Skip to main content

Notes: Brown's high hopes

Posted: 5:55 a.m.



Wednesday marks two weeks since Odell Thurman was first eligible for reinstatement but there has been no word from the NFL even though the original timeline had been seven to 10 days.

But that was before Michael Vick's federal indictment in dog fighting submerged the NFL last week. The thinking is that commissioner Roger Goodell and his staff have been dealing with little else. Still, there's time even though the Bengals are scheduled to report to training camp by 3 p.m. Thursday and hold their first practice Friday afternoon. It's believed Thurman won't suit up for camp right away, anyway, because the Bengals would have to make sure that he's in the proper shape. He's not even listed on the depth chart.

"No one is telling me, but I would guess the delay is because of the Vick thing," said Safarrah Lawson, one of Thurman's representatives. "We haven't heard anything from the league. We're just waiting and there's really nothing you can say until there's a decision."

Both Lawson and the Bengals were careful to say that they don't feel squeezed by the lateness of the hour.

"I don't think we're in that position," said Bengals director of business development Troy Blackburn. "We're just waiting for the league to do what it has to do."

HIGH HOPES: During his annual meeting with the media at the training camp luncheon at Paul Brown Stadium, Bengals president Mike Brown made no bones about his "high hopes" for the upcoming season and his belief the Bengals can win it all.

"Every year in the NFL there is a group of teams very close and they're the very best teams and they can compete at the end to be champions. I think we have a chance to be in that group," Brown said. "We have some fine players. We think of ourselves as a very competitive team and if we get to where I think we'll get, we'll be in the group at the end and then we'll see if we're the one that bubbles up on top."

If you think the last two games of last year took it out of you, what about Brown? Twice he thought the Bengals had stayed alive in the playoff chase just seconds before disaster with the blown extra-point snap following the tying touchdown in Denver and Carson Palmer's 47-yard fling to Chris Henry before Shayne Graham's missed 39-yard field goal for the win against the Steelers.

Everyone, it seems, is taking up head coach Marvin Lewis' bigger-margin-of-error mantra.

"I'm sitting up there when we throw the ball way downfield against Pittsburgh and I turn to my brother (senior vice president for player personnel Pete Brown) and I said, 'My God, we've won this game.' Well, I guess not," said Brown, still grimacing.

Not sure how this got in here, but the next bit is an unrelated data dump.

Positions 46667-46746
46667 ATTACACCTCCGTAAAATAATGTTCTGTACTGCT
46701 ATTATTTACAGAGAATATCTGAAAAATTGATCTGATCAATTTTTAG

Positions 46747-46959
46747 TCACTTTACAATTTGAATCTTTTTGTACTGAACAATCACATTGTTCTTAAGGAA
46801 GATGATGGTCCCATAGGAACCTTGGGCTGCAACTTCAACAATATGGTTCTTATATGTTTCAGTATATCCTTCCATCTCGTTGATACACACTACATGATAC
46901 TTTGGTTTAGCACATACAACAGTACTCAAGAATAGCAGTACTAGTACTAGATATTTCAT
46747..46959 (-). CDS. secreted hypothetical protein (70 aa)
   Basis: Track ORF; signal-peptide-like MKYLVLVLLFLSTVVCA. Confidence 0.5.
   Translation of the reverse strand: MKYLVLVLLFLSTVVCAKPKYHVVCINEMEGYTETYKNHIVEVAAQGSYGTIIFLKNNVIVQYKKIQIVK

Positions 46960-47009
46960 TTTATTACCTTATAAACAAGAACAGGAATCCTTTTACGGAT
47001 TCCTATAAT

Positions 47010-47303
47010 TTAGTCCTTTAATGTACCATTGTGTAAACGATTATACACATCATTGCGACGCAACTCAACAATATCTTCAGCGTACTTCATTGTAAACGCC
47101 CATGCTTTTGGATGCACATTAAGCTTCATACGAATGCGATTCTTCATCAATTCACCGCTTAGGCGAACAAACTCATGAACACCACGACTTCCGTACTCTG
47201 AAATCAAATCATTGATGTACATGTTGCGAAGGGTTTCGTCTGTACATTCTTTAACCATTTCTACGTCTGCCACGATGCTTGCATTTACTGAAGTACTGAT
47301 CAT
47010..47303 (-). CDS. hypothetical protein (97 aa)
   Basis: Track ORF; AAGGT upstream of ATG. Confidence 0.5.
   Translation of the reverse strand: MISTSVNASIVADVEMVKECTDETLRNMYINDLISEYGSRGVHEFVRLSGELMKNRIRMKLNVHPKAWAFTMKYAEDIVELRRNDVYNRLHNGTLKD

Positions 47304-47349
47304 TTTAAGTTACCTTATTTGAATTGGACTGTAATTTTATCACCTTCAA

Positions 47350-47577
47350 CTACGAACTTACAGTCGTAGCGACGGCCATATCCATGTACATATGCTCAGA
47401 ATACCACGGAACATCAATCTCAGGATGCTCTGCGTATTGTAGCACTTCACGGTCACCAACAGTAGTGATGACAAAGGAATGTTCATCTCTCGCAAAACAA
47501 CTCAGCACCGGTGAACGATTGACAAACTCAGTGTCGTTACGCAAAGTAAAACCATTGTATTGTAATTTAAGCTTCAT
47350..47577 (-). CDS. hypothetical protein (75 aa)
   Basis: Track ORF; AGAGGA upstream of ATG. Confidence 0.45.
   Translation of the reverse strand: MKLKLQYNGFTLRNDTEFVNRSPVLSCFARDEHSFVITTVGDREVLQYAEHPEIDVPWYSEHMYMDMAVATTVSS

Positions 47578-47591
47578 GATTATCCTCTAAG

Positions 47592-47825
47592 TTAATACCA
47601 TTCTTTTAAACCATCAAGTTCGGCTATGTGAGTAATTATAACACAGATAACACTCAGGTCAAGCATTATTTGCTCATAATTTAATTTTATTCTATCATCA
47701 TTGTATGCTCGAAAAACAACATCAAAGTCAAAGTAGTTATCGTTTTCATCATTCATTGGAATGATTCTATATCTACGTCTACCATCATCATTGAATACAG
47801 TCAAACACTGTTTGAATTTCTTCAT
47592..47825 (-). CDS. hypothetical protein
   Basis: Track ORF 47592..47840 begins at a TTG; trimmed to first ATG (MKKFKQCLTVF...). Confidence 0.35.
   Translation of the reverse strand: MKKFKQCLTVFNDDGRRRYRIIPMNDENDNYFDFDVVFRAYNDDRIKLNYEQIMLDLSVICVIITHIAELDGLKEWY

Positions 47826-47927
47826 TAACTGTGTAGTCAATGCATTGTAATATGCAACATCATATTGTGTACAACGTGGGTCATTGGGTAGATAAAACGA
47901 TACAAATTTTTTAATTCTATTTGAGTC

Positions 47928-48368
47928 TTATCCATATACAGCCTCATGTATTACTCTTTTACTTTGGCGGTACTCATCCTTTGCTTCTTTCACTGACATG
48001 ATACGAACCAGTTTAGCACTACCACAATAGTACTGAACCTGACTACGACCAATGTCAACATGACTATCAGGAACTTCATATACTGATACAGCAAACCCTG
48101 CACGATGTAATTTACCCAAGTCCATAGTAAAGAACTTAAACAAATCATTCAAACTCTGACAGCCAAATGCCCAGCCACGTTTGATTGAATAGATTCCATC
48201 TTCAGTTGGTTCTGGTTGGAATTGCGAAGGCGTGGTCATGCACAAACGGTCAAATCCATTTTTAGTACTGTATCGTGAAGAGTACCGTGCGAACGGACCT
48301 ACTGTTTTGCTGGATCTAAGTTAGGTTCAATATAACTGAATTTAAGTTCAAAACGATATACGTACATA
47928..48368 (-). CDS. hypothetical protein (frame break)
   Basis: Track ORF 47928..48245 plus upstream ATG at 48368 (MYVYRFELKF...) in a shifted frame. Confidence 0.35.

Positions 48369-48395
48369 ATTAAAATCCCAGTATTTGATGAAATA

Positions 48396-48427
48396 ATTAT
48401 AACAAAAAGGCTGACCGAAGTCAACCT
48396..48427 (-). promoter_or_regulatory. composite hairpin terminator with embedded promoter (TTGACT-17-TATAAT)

"The week before I have to get up when we scored the touchdown and it was to make a potty call," Brown said. "When I came back out I couldn't figure out why no one was rejoicing. These things are close run things. Little miscues. You don't kick the ball straight. You drop the ball. It's one play in a game. Our fate hinged on one play or two in a game, or we would have been where we wanted to be. Well, this year we hope we don't have to worry about things like that. We'll have a bigger margin of error and make it."

SUPPORT AT TOP: Brown expressed support for Thurman as well as other players that have run afoul of off the field. Looking through a prism of seven decades in the NFL, what has Brown not seen?

"Standards are different," Brown said. "Let's face it. In the old days when guys got in a fight it was, 'Boys will be boys.' The question then was, 'Who won?' Now it's, "Is he in jail?' Being around these guys, they're good guys. They are people I'm proud to be associated with. Even those that misstep. I like them too. Almost all. I like them, too. I just want to work to get them back on the right path so they can help themselves and help us."

Brown admitted the Bengals' problems since December of 2005 (10 players arrested, three league suspensions) were "more than ever." But even though he believes it was "an aberration," he feels the club has responded, indicating they've added some consulting.

"We have to answer to it," he said. "We've tried to bring in new people that are high character people, reliable people. Internally we've hired some people to help with matters and have people consult with the players and to let them (deal with) their issues.

"Hopefully we won't be talking about it this time next year," he said.

As for Vick, Brown will also let Goodell deal with that.

"(Vick) is a great player. He's just one guy. With him or without him this league will go on. And quite well," Brown said. "I don't know the details. ... We're not going to be involved in figuring it out."


NO SIGNAGE:** A little more than 24 hours to report and the Bengals still haven't signed any draft picks. Still, all indications are none of the second-day guys are going to hold out. But there hasn't been much conversation between the club and No. 1 pick Leon Hall and there probably won't be until more picks get signed around his No. 18 spot. The closest deal is Steelers linebacker Lawrence Timmons at No. 15. All other completed first-round contracts are at the bottom of the round.

This article has been reproduced in a new format and may be missing content or contain faulty links. Please use the Contact Us link in our site footer to report an issue.